In Texas, Wisconsin, North Carolina, and elsewhere local races will influence the electoral college state of play into the 2030s
By David Daley
The small farming communities of Wisconsin’s 32nd state senate district, with names like Romance and Avalanche, sit nestled along the Mississippi River. It’s within these rural towns that millions of political dollars are pouring into small counties to influence a local race for state senators who are paid a far more humble amount.
That’s because in Wisconsin, like several other states this year, both Democrats and Republicans are trying to rack up seats in the state legislatures to hold influence over the political maps which are redrawn every 10 years after the decennial census count.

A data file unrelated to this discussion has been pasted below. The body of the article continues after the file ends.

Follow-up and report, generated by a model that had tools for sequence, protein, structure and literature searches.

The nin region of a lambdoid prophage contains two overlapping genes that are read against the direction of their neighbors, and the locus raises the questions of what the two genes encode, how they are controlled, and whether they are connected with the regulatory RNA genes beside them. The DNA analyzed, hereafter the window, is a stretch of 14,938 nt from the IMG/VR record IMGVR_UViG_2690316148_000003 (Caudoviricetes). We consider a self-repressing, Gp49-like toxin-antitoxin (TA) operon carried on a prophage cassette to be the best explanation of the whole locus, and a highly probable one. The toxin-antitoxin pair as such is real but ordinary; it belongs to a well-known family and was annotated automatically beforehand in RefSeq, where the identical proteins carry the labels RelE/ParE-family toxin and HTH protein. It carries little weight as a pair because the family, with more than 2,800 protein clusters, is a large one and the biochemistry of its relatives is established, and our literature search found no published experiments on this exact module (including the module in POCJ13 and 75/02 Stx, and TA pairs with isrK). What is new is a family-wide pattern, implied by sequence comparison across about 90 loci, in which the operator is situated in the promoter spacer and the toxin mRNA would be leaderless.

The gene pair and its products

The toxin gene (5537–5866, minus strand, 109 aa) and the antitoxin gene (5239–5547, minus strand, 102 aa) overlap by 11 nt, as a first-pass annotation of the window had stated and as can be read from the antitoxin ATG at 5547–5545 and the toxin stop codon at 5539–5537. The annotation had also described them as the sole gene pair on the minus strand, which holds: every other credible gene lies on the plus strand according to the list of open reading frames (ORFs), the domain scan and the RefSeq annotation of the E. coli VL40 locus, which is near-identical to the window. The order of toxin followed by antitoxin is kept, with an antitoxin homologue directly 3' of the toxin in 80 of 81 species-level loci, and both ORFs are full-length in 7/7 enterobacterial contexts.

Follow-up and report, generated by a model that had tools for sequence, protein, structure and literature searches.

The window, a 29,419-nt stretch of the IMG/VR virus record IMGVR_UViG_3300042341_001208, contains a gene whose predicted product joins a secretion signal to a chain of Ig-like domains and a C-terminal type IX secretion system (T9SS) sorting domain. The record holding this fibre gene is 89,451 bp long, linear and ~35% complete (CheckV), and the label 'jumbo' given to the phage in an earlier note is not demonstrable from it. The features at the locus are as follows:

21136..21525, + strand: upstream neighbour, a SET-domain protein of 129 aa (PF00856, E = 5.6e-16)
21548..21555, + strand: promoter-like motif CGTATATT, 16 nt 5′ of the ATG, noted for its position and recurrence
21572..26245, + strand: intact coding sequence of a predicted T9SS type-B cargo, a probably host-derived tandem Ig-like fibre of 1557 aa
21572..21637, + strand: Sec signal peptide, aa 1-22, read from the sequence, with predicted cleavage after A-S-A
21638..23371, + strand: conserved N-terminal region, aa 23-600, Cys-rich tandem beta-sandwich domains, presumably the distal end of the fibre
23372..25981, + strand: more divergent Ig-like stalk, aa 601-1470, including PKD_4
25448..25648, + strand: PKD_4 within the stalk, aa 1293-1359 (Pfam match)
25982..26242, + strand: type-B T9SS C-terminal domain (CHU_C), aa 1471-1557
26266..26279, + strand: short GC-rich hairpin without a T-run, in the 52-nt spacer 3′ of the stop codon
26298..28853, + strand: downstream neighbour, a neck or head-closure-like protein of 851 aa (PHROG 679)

“One race should not have this kind of significance,” says Ben Wikler, the Democratic state party chairman tasked with wrestling back majority rule in a state where Democrats won 54% of the overall assembly vote in 2018, but won just over 36% of the seats. “But democracy in Wisconsin is broken.”